Happy-Go-Leigh

8 Apr

Really fascinating article about Mike Leigh, director of Happy-Go-Lucky (and a ton of other films). His directing style is bizarre. And awesome.

Beginning below. Full text here.

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interview_leigh

MIKE LEIGH
[FILMMAKER, PLAYWRIGHT]

“I HAVE TO GET OUT OF BED EVERY DAY TO MAKE SOMETHING HAPPEN.”

Qualities Mike Leigh looks for in his actors:
Focus
Intelligence
A sense of humor
Non-overwhelming confidence

Born in 1943 in Salford, Lancashire, Mike Leigh began his career as an actor, theater director, and playwright before moving into television and, eventually, film. Over the course of more than three decades and more than twenty films, Leigh has earned himself an international reputation for his bracing, bittersweet dramas about quotidian British life. Despite their perpetually gray English skies, pasty-skinned protagonists, and often minimalist plotlines, Leigh’s movies appeal to a broad audience. His exploration of social relationships extends well beyond the narrow confines of middle- and working-class England. Secrets & Lies (1996), which stars Marianne Jean-Baptiste as an optometrist and Brenda Blethyn as her housewife mother, concerns a woman’s search for her roots; Naked (1993) exposes the destitute and painful realities of urban life with its tale about a mixed-up drifter’s misadventures in London; Bleak Moments (1971), which concerns the financial struggles of—and awkward relationships between—a group of young city dwellers, contains heart-wrenching insights into social isolation.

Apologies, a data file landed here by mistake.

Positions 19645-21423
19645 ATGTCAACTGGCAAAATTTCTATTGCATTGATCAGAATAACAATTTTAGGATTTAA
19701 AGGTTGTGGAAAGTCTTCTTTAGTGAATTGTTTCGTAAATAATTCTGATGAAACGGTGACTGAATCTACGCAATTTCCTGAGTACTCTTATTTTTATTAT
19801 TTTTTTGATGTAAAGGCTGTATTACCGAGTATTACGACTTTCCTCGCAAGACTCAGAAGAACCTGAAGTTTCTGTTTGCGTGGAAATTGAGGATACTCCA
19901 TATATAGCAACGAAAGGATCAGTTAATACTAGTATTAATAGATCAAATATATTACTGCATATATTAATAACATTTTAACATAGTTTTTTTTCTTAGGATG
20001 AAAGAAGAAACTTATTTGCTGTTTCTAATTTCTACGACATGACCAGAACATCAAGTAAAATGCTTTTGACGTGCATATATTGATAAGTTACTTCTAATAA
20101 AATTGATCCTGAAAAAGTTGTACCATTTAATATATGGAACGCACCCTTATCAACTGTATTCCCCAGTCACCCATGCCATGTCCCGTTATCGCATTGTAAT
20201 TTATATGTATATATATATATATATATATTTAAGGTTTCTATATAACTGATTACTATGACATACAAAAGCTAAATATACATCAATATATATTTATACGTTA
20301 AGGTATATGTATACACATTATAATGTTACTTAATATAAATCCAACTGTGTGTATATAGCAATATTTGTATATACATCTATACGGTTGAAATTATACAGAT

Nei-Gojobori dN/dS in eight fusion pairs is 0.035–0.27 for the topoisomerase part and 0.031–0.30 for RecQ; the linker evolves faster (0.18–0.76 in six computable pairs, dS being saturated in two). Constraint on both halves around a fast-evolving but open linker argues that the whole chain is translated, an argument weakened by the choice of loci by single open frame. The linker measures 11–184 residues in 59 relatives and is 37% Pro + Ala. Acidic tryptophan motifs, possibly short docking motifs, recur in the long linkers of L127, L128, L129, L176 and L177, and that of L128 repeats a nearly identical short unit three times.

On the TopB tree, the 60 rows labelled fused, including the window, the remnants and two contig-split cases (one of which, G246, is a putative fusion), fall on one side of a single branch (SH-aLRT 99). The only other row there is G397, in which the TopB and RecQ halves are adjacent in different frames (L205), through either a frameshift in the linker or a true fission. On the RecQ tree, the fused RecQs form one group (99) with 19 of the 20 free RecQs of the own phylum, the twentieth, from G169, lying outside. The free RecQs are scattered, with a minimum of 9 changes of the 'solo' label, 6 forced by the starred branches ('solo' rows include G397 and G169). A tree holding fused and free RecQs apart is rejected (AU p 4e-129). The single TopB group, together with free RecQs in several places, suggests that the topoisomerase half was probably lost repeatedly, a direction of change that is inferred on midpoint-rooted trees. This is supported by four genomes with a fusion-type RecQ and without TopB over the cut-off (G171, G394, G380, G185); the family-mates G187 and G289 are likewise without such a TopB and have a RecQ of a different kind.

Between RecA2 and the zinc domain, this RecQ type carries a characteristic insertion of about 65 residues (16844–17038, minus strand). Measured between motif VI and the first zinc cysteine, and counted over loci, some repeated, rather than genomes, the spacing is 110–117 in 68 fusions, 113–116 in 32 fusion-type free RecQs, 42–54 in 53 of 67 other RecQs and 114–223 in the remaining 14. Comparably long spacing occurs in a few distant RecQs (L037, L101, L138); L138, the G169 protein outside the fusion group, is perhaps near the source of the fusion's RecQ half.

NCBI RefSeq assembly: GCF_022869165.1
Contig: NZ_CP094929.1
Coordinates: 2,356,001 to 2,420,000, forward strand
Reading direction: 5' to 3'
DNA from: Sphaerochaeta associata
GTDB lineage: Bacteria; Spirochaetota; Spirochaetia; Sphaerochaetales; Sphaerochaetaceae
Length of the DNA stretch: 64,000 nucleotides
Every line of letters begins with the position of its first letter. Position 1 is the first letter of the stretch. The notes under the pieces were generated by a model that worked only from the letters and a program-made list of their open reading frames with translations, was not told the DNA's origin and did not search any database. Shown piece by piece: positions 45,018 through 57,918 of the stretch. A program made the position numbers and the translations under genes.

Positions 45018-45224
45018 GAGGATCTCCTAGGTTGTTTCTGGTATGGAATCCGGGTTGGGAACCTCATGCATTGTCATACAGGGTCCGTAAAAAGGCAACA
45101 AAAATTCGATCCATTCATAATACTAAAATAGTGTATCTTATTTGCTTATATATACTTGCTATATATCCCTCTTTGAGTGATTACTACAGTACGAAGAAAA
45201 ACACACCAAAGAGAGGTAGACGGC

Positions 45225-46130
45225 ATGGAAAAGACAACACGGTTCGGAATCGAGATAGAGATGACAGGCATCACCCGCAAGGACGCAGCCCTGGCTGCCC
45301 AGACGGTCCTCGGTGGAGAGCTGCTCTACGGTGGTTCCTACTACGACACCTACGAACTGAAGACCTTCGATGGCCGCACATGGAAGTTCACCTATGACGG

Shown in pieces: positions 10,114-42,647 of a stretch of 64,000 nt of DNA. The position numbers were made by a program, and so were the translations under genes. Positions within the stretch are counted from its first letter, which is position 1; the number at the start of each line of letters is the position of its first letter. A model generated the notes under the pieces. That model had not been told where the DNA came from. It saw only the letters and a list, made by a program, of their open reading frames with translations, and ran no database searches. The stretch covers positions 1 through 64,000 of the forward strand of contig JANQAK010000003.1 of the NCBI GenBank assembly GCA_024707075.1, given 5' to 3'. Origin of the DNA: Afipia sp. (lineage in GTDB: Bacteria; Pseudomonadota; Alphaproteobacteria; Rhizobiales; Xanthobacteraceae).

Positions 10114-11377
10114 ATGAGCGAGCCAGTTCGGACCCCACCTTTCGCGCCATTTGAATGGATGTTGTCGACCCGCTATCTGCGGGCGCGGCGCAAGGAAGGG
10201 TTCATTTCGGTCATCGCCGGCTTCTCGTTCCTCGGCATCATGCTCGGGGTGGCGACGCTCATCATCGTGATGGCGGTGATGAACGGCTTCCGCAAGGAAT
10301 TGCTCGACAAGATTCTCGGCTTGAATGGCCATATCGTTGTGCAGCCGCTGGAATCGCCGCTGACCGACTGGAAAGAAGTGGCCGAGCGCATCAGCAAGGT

Instead of coming to rehearse and shoot a film with a prewritten script, Leigh works closely and intensively with all of his actors—from the main roles to bit parts—developing characters, scenarios, and dialogue over months of solo and group improvisations to build a finalized screenplay. Actors seem to love the director’s way of involving them so integrally in the process: “I first worked with Mike Leigh in 1980,” Blethyn says. “He likes you to invent the whole history of the character, and I’ve done it ever since.”

A vociferous supporter of the British film industry, the director, unlike many of his British filmmaking colleagues, hasn’t been lured to Hollywood. “Given the choice of Hollywood or poking steel pins in my eyes, I’d prefer steel pins,” Leigh once said. He continues to make movies in the U.K., and, in recent years, started writing for the stage again. Two Thousand Years (2005), a play exploring Leigh’s Jewish roots, received its world premiere at London’s National Theatre. I met with the director last April during his visit to the 2008 San Francisco International Film Festival.

—Chloe Veltman

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PS I highly recommend Happy-Go-Lucky if you haven’t seen it.

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